Factors associated with fear of falling in people with Parkinson’s disease
1 Department of Neurology, Skåne University Hospital, Malmö, Sweden
2 The PRO-CARE Group, School of Health and Society, Kristianstad University, Kristianstad, Sweden
3 Department of Clinical Sciences, Lund University, Malmö, Sweden
4 Department of Health Sciences, Lund University, Box 157, Lund SE-221 00, Sweden
BMC Neurology 2014, 14:19 doi:10.1186/1471-2377-14-19Published: 24 January 2014
This study aimed to comprehensibly investigate potential contributing factors to fear of falling (FOF) among people with idiopathic Parkinson’s disease (PD).
The study included 104 people with PD. Mean (SD) age and PD-duration were 68 (9.4) and 5 (4.2) years, respectively, and the participants’ PD-symptoms were relatively mild. FOF (the dependent variable) was investigated with the Swedish version of the Falls Efficacy Scale, i.e. FES(S). The first multiple linear regression model replicated a previous study and independent variables targeted: walking difficulties in daily life; freezing of gait; dyskinesia; fatigue; need of help in daily activities; age; PD-duration; history of falls/near falls and pain. Model II included also the following clinically assessed variables: motor symptoms, cognitive functions, gait speed, dual-task difficulties and functional balance performance as well as reactive postural responses.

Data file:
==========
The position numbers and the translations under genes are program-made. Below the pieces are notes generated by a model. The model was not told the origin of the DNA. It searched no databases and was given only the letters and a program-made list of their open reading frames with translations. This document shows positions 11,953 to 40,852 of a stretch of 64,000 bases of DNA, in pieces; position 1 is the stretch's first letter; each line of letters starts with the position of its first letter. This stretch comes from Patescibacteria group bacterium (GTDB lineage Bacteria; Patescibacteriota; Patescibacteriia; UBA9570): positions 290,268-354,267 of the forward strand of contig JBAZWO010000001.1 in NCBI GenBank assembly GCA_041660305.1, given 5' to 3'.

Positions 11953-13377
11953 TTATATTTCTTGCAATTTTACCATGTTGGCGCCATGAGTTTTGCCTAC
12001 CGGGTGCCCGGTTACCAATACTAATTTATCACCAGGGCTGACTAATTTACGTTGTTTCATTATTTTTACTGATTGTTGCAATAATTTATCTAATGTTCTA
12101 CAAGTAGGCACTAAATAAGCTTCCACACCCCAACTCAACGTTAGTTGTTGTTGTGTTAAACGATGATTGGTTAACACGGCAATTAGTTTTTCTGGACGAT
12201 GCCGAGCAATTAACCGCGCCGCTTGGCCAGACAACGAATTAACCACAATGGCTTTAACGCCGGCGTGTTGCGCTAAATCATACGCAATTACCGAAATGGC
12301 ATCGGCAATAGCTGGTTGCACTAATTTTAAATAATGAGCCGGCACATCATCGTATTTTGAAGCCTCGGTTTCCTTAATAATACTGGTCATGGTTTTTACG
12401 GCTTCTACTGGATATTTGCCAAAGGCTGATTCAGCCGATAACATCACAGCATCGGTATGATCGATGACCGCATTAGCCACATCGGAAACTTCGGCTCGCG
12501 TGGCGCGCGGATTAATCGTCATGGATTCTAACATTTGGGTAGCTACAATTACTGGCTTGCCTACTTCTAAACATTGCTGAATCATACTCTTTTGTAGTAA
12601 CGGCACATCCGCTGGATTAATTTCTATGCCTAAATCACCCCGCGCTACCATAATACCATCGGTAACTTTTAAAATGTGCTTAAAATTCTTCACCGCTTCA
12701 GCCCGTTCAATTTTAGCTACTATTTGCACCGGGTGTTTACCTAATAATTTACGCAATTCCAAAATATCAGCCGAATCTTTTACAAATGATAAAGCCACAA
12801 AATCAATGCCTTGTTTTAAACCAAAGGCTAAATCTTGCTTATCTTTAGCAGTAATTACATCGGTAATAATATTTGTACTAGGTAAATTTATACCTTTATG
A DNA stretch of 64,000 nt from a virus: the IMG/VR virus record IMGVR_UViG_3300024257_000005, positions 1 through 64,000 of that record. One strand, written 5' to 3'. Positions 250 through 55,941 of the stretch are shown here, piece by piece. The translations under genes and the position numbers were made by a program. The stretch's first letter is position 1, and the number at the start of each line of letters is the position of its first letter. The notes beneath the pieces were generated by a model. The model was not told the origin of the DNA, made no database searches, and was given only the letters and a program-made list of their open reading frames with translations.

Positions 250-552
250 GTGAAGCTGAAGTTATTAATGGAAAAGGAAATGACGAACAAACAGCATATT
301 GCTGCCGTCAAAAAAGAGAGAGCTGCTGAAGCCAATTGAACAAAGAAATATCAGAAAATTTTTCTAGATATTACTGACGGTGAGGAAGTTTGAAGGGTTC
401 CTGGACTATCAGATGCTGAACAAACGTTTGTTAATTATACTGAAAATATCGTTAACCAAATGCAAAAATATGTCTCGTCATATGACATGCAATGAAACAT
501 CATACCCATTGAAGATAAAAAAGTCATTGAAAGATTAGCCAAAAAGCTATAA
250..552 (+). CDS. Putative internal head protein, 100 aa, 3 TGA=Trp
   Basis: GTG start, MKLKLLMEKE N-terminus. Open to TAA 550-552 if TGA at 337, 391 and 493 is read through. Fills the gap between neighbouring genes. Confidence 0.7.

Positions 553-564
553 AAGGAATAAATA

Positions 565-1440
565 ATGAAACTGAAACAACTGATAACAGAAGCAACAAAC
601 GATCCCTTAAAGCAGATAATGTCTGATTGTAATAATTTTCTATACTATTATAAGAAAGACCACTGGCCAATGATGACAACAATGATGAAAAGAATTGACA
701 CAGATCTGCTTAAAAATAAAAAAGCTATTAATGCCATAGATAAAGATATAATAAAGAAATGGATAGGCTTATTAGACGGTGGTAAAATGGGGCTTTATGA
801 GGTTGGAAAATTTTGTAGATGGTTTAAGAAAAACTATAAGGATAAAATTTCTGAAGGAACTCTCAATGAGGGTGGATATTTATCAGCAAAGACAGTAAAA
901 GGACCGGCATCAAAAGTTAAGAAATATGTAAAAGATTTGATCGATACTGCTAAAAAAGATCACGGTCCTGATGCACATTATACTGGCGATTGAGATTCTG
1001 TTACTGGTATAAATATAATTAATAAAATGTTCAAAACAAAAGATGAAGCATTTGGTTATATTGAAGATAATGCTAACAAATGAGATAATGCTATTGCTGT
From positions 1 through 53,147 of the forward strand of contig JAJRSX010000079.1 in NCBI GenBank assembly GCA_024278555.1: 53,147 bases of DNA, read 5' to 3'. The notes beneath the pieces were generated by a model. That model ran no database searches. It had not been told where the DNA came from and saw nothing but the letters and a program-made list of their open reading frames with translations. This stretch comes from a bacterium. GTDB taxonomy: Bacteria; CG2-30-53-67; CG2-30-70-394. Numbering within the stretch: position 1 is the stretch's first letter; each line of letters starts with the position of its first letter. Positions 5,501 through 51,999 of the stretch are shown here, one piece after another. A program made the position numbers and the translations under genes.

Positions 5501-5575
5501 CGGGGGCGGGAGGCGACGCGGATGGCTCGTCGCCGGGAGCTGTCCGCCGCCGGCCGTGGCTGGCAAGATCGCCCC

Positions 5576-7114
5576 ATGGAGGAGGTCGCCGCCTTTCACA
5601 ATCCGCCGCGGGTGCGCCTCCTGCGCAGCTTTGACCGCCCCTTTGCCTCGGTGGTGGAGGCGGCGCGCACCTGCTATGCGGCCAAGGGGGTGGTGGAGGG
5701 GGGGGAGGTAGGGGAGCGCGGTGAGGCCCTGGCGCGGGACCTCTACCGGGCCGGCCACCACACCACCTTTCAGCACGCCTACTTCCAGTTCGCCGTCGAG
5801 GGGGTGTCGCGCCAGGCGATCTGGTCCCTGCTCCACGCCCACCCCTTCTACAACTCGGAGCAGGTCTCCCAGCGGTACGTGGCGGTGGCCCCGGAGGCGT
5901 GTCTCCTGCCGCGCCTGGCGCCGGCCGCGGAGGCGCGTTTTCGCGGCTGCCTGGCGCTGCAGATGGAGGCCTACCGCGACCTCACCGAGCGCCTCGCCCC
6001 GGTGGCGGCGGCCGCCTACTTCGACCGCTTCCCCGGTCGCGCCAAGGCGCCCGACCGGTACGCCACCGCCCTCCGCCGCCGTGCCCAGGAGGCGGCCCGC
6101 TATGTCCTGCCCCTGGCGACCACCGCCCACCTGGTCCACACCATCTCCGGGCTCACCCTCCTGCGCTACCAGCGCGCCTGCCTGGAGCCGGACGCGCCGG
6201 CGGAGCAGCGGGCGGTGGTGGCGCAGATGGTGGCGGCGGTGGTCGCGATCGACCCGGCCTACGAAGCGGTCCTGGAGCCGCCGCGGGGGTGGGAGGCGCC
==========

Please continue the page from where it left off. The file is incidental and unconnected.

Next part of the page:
Both regression models showed that the strongest contributing factor to FOF was walking difficulties, i.e. explaining 60% and 64% of the variance in FOF-scores, respectively. Other significant independent variables in both models were needing help from others in daily activities and fatigue. Functional balance was the only clinical variable contributing additional significant information to model I, increasing the explained variance from 66% to 73%.
The results imply that one should primarily target walking difficulties in daily life in order to reduce FOF in people mildly affected by PD. This finding applies even when considering a broad variety of aspects not previously considered in PD-studies targeting FOF. Functional balance performance, dependence in daily activities, and fatigue were also independently associated with FOF, but to a lesser extent. Longitudinal studies are warranted to gain an increased understanding of predictors of FOF in PD and who is at risk of developing a FOF.